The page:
After Colpy, the next piece of the A96 to tackle is the drive from the Morgan McVeighs restaurant to Huntly.

The overtaking lanes all along the very bendy stretch can be good for getting past tractors or other slower vehicles, but they can also be dangerous.

The end of one of the overtaking lanes between Morgan McVeighs and Huntly. Image: Google Streetview

With pent-up road rage from being stuck behind lengthy tailbacks of traffic, some drivers can overtake a bit too fast in these lanes.

And because they’re so short, it can sometimes result in dangerous races to clear the traffic before the overtaking lanes run out.

To add to this, in the winter months the area can get really bad for snow.

A view from a traffic camera on the A96 at Foudland on January 15, 2023. Image: Traffic Scotland.

4. The Tesco junction ‘death trap’ just past Huntly

The junction linking the A96 to the A920 Dufftown road just west of Huntly is surely one of the worst on the entire A96.

A lorry going along the A96 past the junction at Tesco in Huntly. Image: Scott Baxter/DC Thomson

The run-up to turning left onto the Dufftown road is incredibly short, and it’s right across the A96 from the busy turn-off towards Huntly’s Tesco.

It’s worst of all for any traffic turning into the A96 from either side, who have to contend with poor views of 60mph traffic coming from both north and south.

Keep your eyes on the road whenever you come past this junction at Huntly. Image: Scott Baxter/DC Thomson

Last year, it was identified in a road safety review as in need of “further investigation and mitigation”, and one MSP dubbed it a “death trap”. 

5. Everything about the A96 through Keith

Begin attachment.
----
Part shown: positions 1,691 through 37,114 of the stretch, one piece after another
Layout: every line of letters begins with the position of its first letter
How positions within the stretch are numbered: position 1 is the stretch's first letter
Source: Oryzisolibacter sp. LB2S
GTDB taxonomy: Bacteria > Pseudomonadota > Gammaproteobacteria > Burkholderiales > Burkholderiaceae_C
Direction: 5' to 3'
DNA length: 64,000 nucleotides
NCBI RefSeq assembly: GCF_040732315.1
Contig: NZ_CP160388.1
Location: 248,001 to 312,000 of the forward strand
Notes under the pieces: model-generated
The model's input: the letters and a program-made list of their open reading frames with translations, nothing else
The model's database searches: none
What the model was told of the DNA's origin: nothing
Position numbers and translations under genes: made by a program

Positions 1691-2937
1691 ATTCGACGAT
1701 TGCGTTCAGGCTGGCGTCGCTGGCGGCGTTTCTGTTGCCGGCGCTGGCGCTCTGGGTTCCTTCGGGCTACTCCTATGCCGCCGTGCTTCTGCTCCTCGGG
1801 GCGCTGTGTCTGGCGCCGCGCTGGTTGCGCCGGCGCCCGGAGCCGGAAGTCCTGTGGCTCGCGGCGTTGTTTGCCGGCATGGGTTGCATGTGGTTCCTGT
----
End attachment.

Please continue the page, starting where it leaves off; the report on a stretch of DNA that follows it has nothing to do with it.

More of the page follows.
We’ve now gone from Aberdeen, past Inverurie and Huntly, but now we come to the first major community the A96 traffic actually thunders straight through the middle of.

The A96 goes straight through the town of Keith. Image: Scott Baxter/DC Thomson

Why is it that we have a major inter-city road, full of lorries carrying massive loads, located just inches away from people’s front doors in Keith?

And how would A96 dualling work here?

A view from one of Keith’s many tiny lanes onto a lorry heading up the A96 through the middle of the community. Image: Scott Baxter/DC Thomson

It’s something we’ll see time and time again as we get closer to Inverness, this problem of a major A-road splitting towns and villages in half.

Not only is bringing heavy traffic into such close quarters with people on foot a bad idea, but it also causes frustration for drivers needing to deal with all sorts of traffic lights and queues that are common in the middle of Keith.

In March, a project got underway to improve crossing points on the A96 as it runs through Keith to help make it safer for pedestrians. 

6. Elgin and its endless roundabouts

Traffic was brought to a standstill on the A96 in Elgin.
Traffic making its way through Elgin on the A96. Image: Jason Hedges/DC Thomson

I hope you like roundabouts. Because there’s going to be a lot of them.

Some of them big, some of them small. But most of them clogged with people desperate to get somewhere, forced into the only route through the town.

On a two-mile stretch of the A96 between KFC on the east side of Elgin and Dr Gray’s Hospital on the west side, there are eight.